Tuesday, 15 September 2015 00:00

Fire Safety for Hospitals and Health Facilities

Fire Safety for Hospitals and Health Facilities Hospitals and health facilities should be prime targets for the implementation of efficient fire safety programs since they are particularly vulnerable to the dangers of fire. This is due to the nature of their environments, where they host large numbers of people in one place. It's essential that the staff of these facilities be trained on fire safety and know the steps to take to extinguish small fires and how to evacuate in a building fire scenario.

A fire safety program for hospitals should focus on a couple of important elements - rescue, alarm, confine and extinguish.

Rescue - this involves helping those in need to get away from the fire to an area of safety and in a hospital setting, this may mean that some people may require extra assistance such as opening doors and windows and also lifting, dragging and carrying patients who are unable to walk. People confined to beds will need a staff member to unlock the bed wheels and wheel them to safety and if necessary, a blanket drag along the floor may be the only option to evacuate patients.

Alarm - this is where a staff member is designated to call the fire department, to send out a code over the public address system and to activate a manual pull station. This must occur as soon as a fire is spotted as the first minutes of a fire can be the difference between life and death.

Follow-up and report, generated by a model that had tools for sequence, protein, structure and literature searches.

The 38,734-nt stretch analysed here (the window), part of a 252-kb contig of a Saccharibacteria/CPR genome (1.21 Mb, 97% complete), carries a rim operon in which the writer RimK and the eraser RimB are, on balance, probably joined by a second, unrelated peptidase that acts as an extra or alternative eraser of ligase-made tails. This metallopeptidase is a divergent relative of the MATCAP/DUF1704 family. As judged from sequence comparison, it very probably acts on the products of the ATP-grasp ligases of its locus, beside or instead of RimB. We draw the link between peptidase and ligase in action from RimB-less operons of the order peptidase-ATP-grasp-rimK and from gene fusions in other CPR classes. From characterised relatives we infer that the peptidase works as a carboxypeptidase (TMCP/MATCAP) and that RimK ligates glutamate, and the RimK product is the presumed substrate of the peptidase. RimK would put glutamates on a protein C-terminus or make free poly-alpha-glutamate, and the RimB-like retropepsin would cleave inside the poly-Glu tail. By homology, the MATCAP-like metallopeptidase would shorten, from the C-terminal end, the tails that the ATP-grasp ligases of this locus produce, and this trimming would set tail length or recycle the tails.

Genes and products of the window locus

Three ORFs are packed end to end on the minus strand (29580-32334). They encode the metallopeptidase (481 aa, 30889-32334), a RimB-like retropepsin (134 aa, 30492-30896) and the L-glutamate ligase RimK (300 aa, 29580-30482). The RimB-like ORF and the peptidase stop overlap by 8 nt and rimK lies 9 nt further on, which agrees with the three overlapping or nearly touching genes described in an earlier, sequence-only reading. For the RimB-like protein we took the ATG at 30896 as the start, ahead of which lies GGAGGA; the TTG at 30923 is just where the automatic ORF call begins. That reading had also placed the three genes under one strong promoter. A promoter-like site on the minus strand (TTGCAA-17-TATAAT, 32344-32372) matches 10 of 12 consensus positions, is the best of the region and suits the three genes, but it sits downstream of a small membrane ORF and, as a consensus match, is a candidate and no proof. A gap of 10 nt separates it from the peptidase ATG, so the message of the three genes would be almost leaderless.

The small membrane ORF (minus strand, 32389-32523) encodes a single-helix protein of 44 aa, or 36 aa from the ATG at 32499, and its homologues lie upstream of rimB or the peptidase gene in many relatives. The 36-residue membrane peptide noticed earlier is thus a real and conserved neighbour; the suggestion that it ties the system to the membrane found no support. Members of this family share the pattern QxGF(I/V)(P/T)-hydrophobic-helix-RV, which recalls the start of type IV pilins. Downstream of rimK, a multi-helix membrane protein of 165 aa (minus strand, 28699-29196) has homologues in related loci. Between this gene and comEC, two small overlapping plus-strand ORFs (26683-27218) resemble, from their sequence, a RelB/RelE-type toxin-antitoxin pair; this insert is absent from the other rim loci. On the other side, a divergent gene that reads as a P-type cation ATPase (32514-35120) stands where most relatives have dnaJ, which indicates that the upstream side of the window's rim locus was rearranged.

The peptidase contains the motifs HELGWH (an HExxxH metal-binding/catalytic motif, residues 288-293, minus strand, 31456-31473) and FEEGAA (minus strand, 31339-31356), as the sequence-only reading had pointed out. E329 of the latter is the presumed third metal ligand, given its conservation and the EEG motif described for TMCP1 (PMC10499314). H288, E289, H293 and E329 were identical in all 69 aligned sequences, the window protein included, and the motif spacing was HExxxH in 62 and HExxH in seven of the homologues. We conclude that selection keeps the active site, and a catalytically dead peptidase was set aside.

Confining - containing the fire involves closing doors behind the last person evacuating an area as this helps to limit the fire and the movement of heat and smoke.

Extinguish - for staff members who are trained, this is an option if the fire is small. If safe to do so, use a fire extinguisher to quell the flames while the building evacuation is underway and then ensure the staff member exits the building as well.

A designated staff member will be the fire department liaison and they will be responsible for the hospital evacuation and informing the fire crew of the location of the fire and of any missing individuals.

As is the case with most employees, health care workers do not generally have fire safety foremost in their minds as they do their daily work, however, regular education and training sessions will ensure that they are prepared should there ever be a fire emergency at their facility.

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